Great sparring today: the mat was a sea of purple, along with two white belts, a brown belt and a black belt. Needless to say, there were no easy rolls available! I started off with Stuart, probably my favourite guy to roll with in the whole club (apart from Kev himself, of course). Stuart is about my size and he never goes super hard. That makes for a fun spar, with plenty of movement. I was going for the kimura grip, along with trying tips from Ryan Hall. The additional tweaks from today's lesson are going to be a big help, I think.

I then had a short roll with Dan, where I was looking to attempt that knee cut counter AJ Sousa showed on BJJ Library, but didn't get into the right position. My old training partner Liam was up next. We started training at roughly the same time, but he's improved rather quicker than me, meaning while I'm still purple, he's a black belt. I imagine he wasn't going very hard, nevertheless I had a bit of a confidence boost in that I felt I held my own (he did catch me with a pressing armbar from the top of half guard, so I need to be careful of that arm in that position).

He also had some tips for holding the top position in half guard. At one point I was able to get on top and move through into a cross-face. I was trying to get the Ribeiro super-hold (cross face and underhook), so I could then bring my shin over his leg and start to pass the half guard. I think he reversed me at some point, but regardless, the tip he gave was to bring both arms under the head. That might initially feel vulnerable, but as he demonstrated, when you then drive your chest into their head, it's tight!

I finished up with two bigger purples, where I took the opportunity to work on my defence. In the first roll, I spent a lot of it with my knee driving into their and pulling on the sleeve, to stop them progressing from side control to any kind of attack. I guess it did work, but I should have probably attempted to move into some kind of escape instead of holding that so long. I was getting pretty tired by the final roll: next time, I definitely want to stick around for the yoga. I'll be back in April, when there won't be a niece's birthday to rush off to. So, yoga time! :D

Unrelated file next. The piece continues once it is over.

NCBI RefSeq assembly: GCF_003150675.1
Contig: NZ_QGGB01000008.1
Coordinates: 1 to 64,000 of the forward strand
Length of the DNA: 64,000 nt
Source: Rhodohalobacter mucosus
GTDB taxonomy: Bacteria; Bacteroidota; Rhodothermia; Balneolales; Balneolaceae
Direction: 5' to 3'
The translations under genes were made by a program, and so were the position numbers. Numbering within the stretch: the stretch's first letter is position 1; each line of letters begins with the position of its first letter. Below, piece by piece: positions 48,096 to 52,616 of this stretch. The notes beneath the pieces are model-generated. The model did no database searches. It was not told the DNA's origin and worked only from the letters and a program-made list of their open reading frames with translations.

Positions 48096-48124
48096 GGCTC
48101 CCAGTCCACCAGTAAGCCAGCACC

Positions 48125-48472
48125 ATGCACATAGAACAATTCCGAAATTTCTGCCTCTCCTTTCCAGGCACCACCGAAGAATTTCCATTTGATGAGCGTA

The next day, I did my usual art trip. The exhibition picked for this visit was Delacroix at the National Gallery. I already knew there was a lot of it I wouldn't like (as I'm not fond of most Impressionists, especially Cézanne and Gauguin). Due to that antipathy it only took 45 mins, but assuming you don't have an allergy to Impressionism, I'd say leave about 1.5hrs to do it properly.

A photo posted by Can (Jun) (@slideyfoot) on

However, I do like Degas. It was cool to see some more Moreau too, as I enjoy the Symbolists. I also enjoyed Frederic Bazille, who I wasn't familiar with before. Plenty of bigwigs today, like Van Gogh (not a fan of his work either, except the early stuff). It was still worth it I thought (on my father's membership at least, I wouldn't have paid full price), although the exhibition felt a little flabby. In my opinion, it lacked a sufficiently coherent narrative. It bounces between landscape, religious painting, portraits and others. Then again, the intention is to show Delacroix's influence on modern art, so I guess it needs to be broad for that. Note you aren't allowed any photography, even without flash: the pics I'm using are from a book.